|Arshilata: Women’s Fiction from India and Bangladesh
edited by Niaz Zaman
ISBN 984 8715 14 2 2007 192pp 215x136mm HB Tk.375.00 US$23.00
Give a woman a comb and a mirrorand a little leisureand she will arrange her hair, perhaps put kajal in her eyes, a tip on her forehead, or a touch of red on her lips. Whom is she beautifying herself for? Her lover or her husband? Or is she looking at the woman she sees in the mirror? And is she pleased with what she sees? The twenty stories in this collection from Indian and Bangladeshi writers show women their own faces. Separated by language, by food, by religious rituals, by experience, by social status, these women still have something in common. They share the political and social consciousness common to the subaltern or third world writer, but, in addition, they bring to their stories a feminist sensibility that questions gender-based discriminations and deprivations. While some stories show a society in translation, many of the stories seem almost timeless. Using striking details or humour, deeply felt emotions or metaphysical questionings, this small sample of contemporary stories in English or translated from Bangla, Urdu, Telegu, Marathi, Malayalam, and Oriya provide a glimpse into the mirrors of women’s multifaceted experiences.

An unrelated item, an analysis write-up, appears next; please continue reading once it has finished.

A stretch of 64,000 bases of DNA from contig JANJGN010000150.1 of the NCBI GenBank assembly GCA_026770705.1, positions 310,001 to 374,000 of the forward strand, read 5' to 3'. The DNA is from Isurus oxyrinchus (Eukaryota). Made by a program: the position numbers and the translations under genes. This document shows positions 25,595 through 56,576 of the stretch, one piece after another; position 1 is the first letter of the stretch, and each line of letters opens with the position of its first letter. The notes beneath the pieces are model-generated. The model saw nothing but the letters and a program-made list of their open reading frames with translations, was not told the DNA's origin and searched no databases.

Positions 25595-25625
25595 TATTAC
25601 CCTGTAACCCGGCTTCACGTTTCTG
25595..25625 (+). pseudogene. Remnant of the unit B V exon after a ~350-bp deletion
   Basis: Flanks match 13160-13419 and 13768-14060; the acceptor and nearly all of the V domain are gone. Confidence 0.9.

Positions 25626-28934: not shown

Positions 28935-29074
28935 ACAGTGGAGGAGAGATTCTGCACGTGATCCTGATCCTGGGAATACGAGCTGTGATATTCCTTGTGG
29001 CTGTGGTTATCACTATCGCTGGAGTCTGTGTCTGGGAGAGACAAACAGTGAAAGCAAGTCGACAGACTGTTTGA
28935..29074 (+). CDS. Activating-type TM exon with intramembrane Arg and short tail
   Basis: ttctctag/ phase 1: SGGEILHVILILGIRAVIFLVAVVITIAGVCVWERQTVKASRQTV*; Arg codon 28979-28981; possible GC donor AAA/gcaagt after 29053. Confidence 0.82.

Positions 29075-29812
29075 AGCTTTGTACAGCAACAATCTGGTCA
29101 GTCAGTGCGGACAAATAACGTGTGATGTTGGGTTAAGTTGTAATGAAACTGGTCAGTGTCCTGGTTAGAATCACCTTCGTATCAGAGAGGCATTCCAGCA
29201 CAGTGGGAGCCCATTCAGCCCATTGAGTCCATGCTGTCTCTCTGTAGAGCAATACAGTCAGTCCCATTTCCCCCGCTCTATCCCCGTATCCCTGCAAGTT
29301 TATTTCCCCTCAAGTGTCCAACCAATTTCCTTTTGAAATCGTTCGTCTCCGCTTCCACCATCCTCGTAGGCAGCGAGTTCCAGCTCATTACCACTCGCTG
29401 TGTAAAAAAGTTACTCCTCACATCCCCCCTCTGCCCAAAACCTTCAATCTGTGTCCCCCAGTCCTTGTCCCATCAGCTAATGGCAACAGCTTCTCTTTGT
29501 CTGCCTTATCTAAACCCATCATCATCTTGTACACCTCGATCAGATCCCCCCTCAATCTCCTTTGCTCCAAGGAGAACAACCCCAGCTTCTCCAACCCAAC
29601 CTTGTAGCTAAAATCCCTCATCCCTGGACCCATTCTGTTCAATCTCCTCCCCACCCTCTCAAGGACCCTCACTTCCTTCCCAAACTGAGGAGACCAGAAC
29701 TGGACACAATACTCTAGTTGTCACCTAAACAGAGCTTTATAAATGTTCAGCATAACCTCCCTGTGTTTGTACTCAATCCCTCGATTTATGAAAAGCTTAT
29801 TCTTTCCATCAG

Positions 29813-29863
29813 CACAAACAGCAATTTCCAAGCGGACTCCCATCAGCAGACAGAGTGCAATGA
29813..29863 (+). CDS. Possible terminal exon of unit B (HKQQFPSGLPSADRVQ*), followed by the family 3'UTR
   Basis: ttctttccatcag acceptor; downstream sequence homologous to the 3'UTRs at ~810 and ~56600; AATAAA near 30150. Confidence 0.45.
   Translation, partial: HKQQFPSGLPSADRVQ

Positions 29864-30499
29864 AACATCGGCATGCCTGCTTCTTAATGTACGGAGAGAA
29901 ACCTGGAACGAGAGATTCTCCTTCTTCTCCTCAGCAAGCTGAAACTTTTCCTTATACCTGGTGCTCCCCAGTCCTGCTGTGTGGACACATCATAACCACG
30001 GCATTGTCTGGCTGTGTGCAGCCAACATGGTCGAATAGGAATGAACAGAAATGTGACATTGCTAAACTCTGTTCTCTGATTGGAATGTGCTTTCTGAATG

Niaz Zaman has edited several anthologies, including Under the Krishnachura, From the Delta, and New Age Short Stories. She was consulting editor, Arts and Humanities, for Banglapedia and editor of the Bangladesh Journal of American Studies. From 2003-2005, she was literary editor of New Age, Dhaka. Her creative writings include The Crooked Neem Tree, The Dance and Other Stories, Didima’s Necklace and Other Stories, and History of the Family of Sheikh Gul Mohammad (formerly Ghumman Mal of Bhera) with an account of his conversion and some interesting chronicles of his descendants.
Her other major publications are The Art of Kantha Embroidery, the first book-length study of the kantha, and a study of the Partition, A Divided Legacy: The Partition in Selected Novels of India, Pakistan, and Bangladesh, which won a National Archives Award. From 1981 to 1983, Dr Zaman was posted to the Bangladesh Embassy in Washington D.C. as Educational Attaché.